We visited the Weald And Downland Museum for Dad’s birthday. It’s a collection of old houses from all periods of history, furnished exactly as they would have been all those years ago. Here’s what I observed and learned whilst wandering around my favourite house.
I put my hand into the little worn groove on the wooden rail that ran along the landing-place. It felt smooth and cold. I glanced at the little sign by my side. “Pendean Farmhouse” I read ” Built in 1609, this is seventeenth century yeoman’s house, originally located in West Sussex. He would have lived here, in the countryside, on his little piece of land, with his family.” I wondered at all the other people who’ve put their hand on this spot and helped make this groove over four or five hundred years.
I let my imagination run wild for a moment and, upon closing my eyes, I heard the laughs and squeals of children playing and a woman’s voice calling them for dinner. They rushed past me, the boys in wide straw hats and neckties, the girls in long, plain, pleated gowns and little white sun bonnets. Their cheeks were flushed with healthy country air.
I followed them down the steep wooden stairs and into a small dimly lit room. A fire crackled in the hearth. This was largest room, and probably referred to as the ‘Hall’.
The children’s Father came in promptly. He was dressed simply yet smartly in a felt hat, buckled shoes, ruffs and cuffs, breeches and a doublet. He sat down at a low table and his wife hurried to serve him a vegetable stew with hunks of bread.
The children ate hungrily and soon left the table to go back upstairs. They went into one of the two bedrooms. The beds were just wooden frames with handmade woollen blankets draped over. There were but two beds and I counted eight children, not including the baby who the eldest girl carried in her arms. That must mean at least three in each bed.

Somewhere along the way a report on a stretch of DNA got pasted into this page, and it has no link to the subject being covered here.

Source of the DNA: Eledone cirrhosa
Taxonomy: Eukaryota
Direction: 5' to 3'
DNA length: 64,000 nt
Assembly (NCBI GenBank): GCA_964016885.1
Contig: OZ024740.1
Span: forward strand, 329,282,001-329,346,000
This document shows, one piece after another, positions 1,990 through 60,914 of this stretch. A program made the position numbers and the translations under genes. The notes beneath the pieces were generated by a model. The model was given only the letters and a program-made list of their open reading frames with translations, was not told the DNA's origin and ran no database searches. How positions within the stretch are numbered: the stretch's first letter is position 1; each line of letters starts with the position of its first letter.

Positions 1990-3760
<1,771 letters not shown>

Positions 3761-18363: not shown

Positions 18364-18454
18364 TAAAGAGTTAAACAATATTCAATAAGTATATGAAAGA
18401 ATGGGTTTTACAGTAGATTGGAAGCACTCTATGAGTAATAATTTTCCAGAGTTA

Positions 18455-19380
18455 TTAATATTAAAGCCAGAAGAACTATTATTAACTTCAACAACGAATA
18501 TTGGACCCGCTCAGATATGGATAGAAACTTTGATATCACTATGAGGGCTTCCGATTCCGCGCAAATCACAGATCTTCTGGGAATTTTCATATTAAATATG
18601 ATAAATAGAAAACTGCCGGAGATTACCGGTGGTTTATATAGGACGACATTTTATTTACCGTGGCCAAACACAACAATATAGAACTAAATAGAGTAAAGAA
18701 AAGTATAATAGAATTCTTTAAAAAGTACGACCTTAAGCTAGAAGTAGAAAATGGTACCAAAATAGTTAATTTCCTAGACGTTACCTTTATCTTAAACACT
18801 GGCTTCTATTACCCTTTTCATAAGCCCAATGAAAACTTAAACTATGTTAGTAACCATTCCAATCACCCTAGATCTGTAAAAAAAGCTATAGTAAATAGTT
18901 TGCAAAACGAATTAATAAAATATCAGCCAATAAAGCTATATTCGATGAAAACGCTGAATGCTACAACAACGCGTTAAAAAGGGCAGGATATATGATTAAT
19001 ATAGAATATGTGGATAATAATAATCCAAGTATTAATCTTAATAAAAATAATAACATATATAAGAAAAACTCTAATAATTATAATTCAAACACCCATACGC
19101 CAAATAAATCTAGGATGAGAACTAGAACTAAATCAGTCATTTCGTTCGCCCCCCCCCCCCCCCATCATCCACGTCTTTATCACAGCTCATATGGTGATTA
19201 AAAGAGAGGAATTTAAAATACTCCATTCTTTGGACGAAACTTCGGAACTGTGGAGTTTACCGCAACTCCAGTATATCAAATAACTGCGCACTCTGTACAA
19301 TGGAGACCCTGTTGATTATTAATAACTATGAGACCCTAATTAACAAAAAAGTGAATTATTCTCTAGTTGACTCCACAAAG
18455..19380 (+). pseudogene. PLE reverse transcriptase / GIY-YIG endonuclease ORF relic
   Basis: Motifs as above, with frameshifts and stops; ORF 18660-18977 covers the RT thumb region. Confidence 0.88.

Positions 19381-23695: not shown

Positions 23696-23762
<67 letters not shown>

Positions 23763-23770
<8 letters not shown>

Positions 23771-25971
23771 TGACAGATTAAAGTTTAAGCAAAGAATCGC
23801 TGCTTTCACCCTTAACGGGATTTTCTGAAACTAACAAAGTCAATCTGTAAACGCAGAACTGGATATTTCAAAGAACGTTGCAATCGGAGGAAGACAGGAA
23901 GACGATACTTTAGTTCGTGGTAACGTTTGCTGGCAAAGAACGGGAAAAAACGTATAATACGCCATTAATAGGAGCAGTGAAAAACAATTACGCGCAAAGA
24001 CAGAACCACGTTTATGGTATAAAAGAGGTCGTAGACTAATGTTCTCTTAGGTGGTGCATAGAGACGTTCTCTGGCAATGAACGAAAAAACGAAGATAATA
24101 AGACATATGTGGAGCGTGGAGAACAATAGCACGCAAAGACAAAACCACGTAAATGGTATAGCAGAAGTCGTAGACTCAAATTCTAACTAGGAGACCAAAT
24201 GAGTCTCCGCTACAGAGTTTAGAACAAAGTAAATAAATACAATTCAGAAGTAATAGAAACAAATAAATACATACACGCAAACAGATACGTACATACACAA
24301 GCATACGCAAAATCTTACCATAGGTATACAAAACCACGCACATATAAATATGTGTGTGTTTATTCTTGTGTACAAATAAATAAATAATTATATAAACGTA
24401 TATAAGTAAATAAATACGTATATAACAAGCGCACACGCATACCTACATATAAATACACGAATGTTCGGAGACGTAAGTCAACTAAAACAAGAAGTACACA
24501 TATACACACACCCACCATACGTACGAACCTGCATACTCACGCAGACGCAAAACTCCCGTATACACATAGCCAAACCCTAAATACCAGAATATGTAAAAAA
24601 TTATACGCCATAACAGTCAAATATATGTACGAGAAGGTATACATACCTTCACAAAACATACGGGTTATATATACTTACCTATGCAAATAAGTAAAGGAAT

I left the kids playing with wooden spinning tops and snuck into their parents room. The bed was larger and there was a little bed sticking out from underneath it. I looked more closely and saw that it was on wheels. I pulled and it rolled out.
I looked around the room a little more and discovered a large spinning wheel sitting in one corner. I also saw two big baskets full of coarsely combed wool. A sort of tool for doing this lay on the side. It was a small wooden board with lots and lots of nails sticking up. I guessed that you pull the wool through it.
I went down again and found the Mother baking bread. She lifted her uncooked loaves onto a peel, which is a sort of paddle, and put it into the oven. The oven was a traditional one with a fire underneath and a clay dome over the top.
I watched until the first loaf came out, piping hot and golden brown. I licked my lips and went off to explore the next room.
The dairy was tiny and very cold. Cheese, wrapped in paper, was stacked on shelves and a girl stood over one of the many butter churns. She pulled and plunged the plunger and I heard the milk sloshing around.
Time to move on. I walked to the end of the dairy where there was a kitchen. Dried herbs and onions hung from the ceiling and a great cooking pot sat on the fire, the remains of the stew bubbling and boiling away. I breathed in the scents of all thses wonderful things.
I let myself out the back door and blinked the bright sunshine. It was so dark in there! I laughed to myself. I then turned around and waved back at the farmhouse, although I knew no one would be there to see.